Research Regulations

...and the Helsinki Declaration

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...and the Helsinki Declaration

Research Regulations are a code of ethics that governs how research should be conducted.

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Research is conducted across many disciplines. It is used to define public policy, treatment protocol even for marketing products.

Research uses different populations and species to gain a broader knowledge of a particular subject. Each institution sets there own research regulations. Typically there are universal regulations whether they are legally required or not, than there are cultural mores and rules and there may also be local rules governing a specific research activity.

Laws governing research are related to safety concerns and handling concerns. Ethical codes are more in depth codes that scientists are bound ethically to up hold.

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Declaration of Helsinki

The Declaration of Helsinki was created by the World Medical Association to set a standard for the way human subjects are to be treated in experimentation.

This document lays out the requirements for ethical treatment of human subjects, and was drawn up as an attempt to self-regulate science. It is not a legally binding document but widely accepted as the ethical cornerstone for the treatment of human subjects.

The inception of the document was in the early 1960’s and started as an 11 paragraph directive, the first ever of its kind. Since its inception it has had six revisions and an additional 21 paragraphs added.

The Declaration of Helsinki is named after the geographic location where the document was drawn up, Helsinki Finland. Prior to this document the premier code of ethics was the Nuremburg Code.

The basic principles of the Declaration of Helsinki are:

  • Respect for the individual
  • Respect for the individuals right to make determinations and make informed decisions regarding participation in the research both before and during the research
  • The individuals welfare always takes precedence over society or scientific needs
  • Ethical considerations must always take precedence over laws and regulations
  • If an individual is not able to grant consent or is a minor, than consent for participation should be sought from the guardian who is acting in the individuals best interest.

Basic principles regarding research in general:

  • Research should be based on a through knowledge of the scientific background
  • Research should offer a reasonable benefit to the population involved in the research
  • Risks and benefits of the research should be carefully analyzed and should not cause further harm
  • Research should be conducted by suitably trained investigators
  • Research findings should be shared and made publicly accessible


There are other guidelines but the above are the basic principles. Prior to the 1940’s there were no universal guidelines in place for research practices. Some of the research that took place then would never be permitted today. Take a look!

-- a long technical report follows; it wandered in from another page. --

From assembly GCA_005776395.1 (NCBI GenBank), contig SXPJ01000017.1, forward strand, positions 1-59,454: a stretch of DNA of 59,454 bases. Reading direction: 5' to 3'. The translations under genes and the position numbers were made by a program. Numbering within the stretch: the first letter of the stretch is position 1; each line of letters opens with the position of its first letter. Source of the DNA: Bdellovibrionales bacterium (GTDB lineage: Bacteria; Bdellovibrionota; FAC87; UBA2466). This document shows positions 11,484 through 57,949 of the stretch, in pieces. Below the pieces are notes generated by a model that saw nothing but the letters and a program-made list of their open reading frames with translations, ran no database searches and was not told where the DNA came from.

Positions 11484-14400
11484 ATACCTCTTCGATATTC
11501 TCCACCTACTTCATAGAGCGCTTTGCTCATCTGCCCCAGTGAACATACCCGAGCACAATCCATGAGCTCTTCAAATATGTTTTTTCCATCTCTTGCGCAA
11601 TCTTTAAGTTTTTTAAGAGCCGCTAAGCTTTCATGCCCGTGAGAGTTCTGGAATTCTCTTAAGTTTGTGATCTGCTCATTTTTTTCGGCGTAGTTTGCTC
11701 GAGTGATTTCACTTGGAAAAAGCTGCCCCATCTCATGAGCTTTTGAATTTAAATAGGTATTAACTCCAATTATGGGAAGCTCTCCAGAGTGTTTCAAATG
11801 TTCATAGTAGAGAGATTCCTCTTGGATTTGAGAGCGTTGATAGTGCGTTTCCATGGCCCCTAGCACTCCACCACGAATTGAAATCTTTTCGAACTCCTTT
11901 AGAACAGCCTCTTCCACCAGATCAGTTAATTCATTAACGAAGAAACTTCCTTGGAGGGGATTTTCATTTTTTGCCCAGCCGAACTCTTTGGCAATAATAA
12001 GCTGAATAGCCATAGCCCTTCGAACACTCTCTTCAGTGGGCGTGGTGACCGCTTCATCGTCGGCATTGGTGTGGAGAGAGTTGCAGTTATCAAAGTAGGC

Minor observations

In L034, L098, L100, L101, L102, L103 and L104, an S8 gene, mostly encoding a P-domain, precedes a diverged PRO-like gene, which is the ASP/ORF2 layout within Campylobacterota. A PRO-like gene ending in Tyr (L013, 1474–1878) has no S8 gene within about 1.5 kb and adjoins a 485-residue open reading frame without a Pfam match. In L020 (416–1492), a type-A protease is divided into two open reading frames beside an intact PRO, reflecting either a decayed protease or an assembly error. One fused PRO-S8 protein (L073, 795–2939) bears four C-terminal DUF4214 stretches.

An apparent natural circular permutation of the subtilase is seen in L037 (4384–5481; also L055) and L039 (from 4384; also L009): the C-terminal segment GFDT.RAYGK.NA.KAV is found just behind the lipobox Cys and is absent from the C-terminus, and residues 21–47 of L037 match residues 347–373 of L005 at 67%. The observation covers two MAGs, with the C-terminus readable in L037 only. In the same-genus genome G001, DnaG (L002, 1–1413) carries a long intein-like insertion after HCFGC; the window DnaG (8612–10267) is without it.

One of the most famous is the Tuskegee Study.

And this one is clearly not ethical:

Project MKULTRA, or MK-ULTRA, was the code name for a CIA mind-control research program, run by the Office of Scientific Intelligence, that began in the early 1950s and continued at least through the late 1960s. There is much published evidence that the project involved the surreptitious use of many types of drugs, as well as other methodologies, to manipulate individual mental states and to alter brain function.

Experiments included administering LSD to CIA employees, military personnel, doctors, other government agents, prostitutes, mentally ill patients, and members of the general public in order to study their reactions. LSD and other drugs were usually administered without the subject’s knowledge and informed consent, a violation of the Nuremberg Code that the U.S. agreed to follow after WWII.

"Top 10 Evil Human Experiments"

Two other prime examples are Project 4.1 and the Monster Study.

These studies now seem archaic, and impossible that they could have occurred, but they did and they took place in the name of science. These examples are prime examples of the need for a code of ethics that goes beyond what the law lays out. Even with the codes in place there are still instances where unethical experimentation continues:

From 1990 to 1991 the Center for Disease Control (CDC) conducted a study of an experimental measles vaccine is Los Angeles, California involving 1200 children whose parents had not given informed consent for their children’s participation.


It is incredible that we still have cases of unethical testing even today, but with the research regulations in place we have a point of reference to recognize a deficiency in the treatment of research participants. Without a point of reference there would be nothing to compare to.

Full reference: (Mar 22, 2009). Research Regulations. Retrieved Jun 21, 2024 from

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